Today I was given the task of creating a name using my initials. It’s a group activity for HMF, the organization putting on the Mom 2 Mom Sale. Anyhow, I am not sure why I thought it would help, but I went on an Internet mission to find an old website I created while I was teaching. I found it! It still exists! Here is the link:
From the home page, I clicked on my name, which took me to some pieces I wrote during my summer with the Red Cedar Writing Project. Here is one of my favorites. It’s about my Grandpa Perry, one of the most influential people ever in my life. How I miss him.
(P.S. Still haven’t come up with a creative name! I’ll let you know when I do!)
Last night I dreamed of Grandpa. He sat across from me in a church. The ceilings rose overhead, untouchable, beyond me, like the message of the pastor. God’s words were muffled; Grandpa’s white lips remained silent.
I stared at Grandpa, lingering too long on his sullen, gray eyes, and skin draped over the curves of his cheekbones, sharp. A dark-colored suit (navy blue, maybe?) hung giant over Grandpa’s limbs. For a moment, he appeared as a familiar scarecrow, mocking the man who once employed him to manage the humid summer field next to a now nearly forgotten, rotting hen house.
The top button of his stiff shirt, closed—so unlike Grandpa, the dinner table storyteller—perhaps it choked the words I needed to hear. I looked over at my mother, also present. I questioned her with my eyes. Yet she, too, remained distant.
Looking back toward Grandpa, I discovered that his seat was empty. I immediately ran in search of him, finding myself charging through the length of a hallow, tunnel-like hall. I fled down a set of stairs at the end, and he shot up, a surprised look on his face. I shot up, awake.
I woke up confused, frightened. My grandpa’s death nine years before left me grieving in the only way I knew: I had buried his image, his memories along with him, in dry Kansas soil. Remembering only brought back an empty, doleful feeling that left my eyes wet.
And then the dream. Later that morning, I allowed myself to remember just a little. Just enough to blanket last night’s disturbed sleep.
This time, we sit together on the edge of Grandpa’s bed. Here, I would visit him first thing in the morning and beg him to pull out his guitar, his fiddle, or the shiny harmonica he kept near his nightstand. He would cross his legs, lean back, and croon the words of songs he’d learned while growing up between the layers of laundry his mother used to hang for a living. I can still hear him:
The old hometown looks the same as I step down from the train
And there to meet me is my mama and my papa
And down the road I look and there runs Mary
hair of gold and lips like cherries
It’s good to touch the green green grass of home
Yes they’ll all come to meet me arms areaching and smiling sweetly
It’s so good to touch the green green grass of home
Grandpa points to the window, and I realize that he’s gesturing towards the tractor sitting below. Grandpa’s highest bid won the aged implement at an auction. He knew then that he could never ride the John Deere, but he bought it anyway. We can almost hear its rumble, ready to take the old farmer back to his field. However, we can only imagine as the worn-out metal continues to sit, gathering dust.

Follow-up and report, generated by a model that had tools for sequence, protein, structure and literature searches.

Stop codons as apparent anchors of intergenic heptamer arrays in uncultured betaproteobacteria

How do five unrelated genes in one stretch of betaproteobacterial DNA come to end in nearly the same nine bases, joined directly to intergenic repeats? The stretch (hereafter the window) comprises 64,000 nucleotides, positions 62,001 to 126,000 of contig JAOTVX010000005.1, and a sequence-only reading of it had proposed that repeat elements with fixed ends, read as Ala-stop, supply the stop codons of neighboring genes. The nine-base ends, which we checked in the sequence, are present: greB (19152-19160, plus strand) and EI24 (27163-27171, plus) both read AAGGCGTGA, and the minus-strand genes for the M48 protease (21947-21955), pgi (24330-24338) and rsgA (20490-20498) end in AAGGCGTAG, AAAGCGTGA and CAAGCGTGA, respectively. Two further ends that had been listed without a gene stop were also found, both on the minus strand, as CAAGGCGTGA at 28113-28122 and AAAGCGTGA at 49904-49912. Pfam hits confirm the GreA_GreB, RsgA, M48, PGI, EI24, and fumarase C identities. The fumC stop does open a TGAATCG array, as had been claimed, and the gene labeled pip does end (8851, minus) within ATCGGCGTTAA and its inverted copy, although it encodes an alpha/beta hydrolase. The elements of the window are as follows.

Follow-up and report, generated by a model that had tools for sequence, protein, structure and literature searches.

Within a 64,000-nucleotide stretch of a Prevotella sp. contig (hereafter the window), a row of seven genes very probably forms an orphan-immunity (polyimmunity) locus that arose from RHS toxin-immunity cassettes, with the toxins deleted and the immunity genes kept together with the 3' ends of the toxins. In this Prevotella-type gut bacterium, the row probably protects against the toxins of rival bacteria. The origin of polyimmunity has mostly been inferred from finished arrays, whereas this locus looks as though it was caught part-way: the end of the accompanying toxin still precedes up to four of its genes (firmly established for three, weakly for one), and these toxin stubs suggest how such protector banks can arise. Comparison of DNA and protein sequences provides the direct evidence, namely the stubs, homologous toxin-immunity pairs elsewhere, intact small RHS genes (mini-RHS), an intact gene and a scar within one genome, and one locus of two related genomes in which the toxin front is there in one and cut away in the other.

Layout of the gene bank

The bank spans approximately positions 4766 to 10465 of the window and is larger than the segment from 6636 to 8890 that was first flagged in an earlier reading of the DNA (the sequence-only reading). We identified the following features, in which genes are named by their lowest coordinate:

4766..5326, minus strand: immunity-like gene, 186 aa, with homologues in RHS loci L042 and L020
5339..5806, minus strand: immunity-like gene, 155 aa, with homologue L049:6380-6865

Now, as if the window focuses a lens to our past, we look out at the workshop, unused. I remember a time when Grandma would bring Grandpa and me dripping glasses of iced tea while we worked in the white wooden structure lined with Grandpa’s carefully hung tools. How I wish we could go down there and guide the jigsaw between our hands, create together, immerse ourselves in sawdust, and feel the cool concrete beneath our feet.
I open the window, hopeful that as I inhale I will draw in more remnants of the past. Musty Missouri air washes in from the outside, and Grandpa remarks that a storm must be heading our way. The thick scent of yesterday mixes with Grandpa’s aftershave—Old Spice—and I move closer. I gently place my head on his stomach, careful to miss the tubes that tie him to the bed.
With my head against the cotton of his white undershirt, I feel like a little girl again. I hope that Grandpa won’t resist my freckles, sown every summer like the vegetables in his garden. I peer through the window at the field, where the sentry of rows once stood, and beg, “Let’s go check on the onions, Grandpa! I want to pull one fresh, hot, out of the ground, and taste it in my mouth. Let’s search for ripe tomatoes too. I did not pull off the green ones this year, Grandpa. I promise! Then we can sit for a while under the maple tree. It will reach across the sky and flap its arms, cooling us.”
Grandpa nods his head no. I am not a little girl, and he cannot leave that bed. I rise up and silently close the window. In it, I see the reflection of a young woman, wiser because of that window and the man who used to linger near it.
If this window and its memories had never existed, I would not know the music of the aged, the stories of my family, and the ability to recognize goodness through the eyes a small-town girl. These are the values that my Grandpa shared with me while I grew up and even as diabetes began to move him beyond this window, the place where an old tractor and homegrown tomatoes overshadow last night’s bad dream and help me remember my past.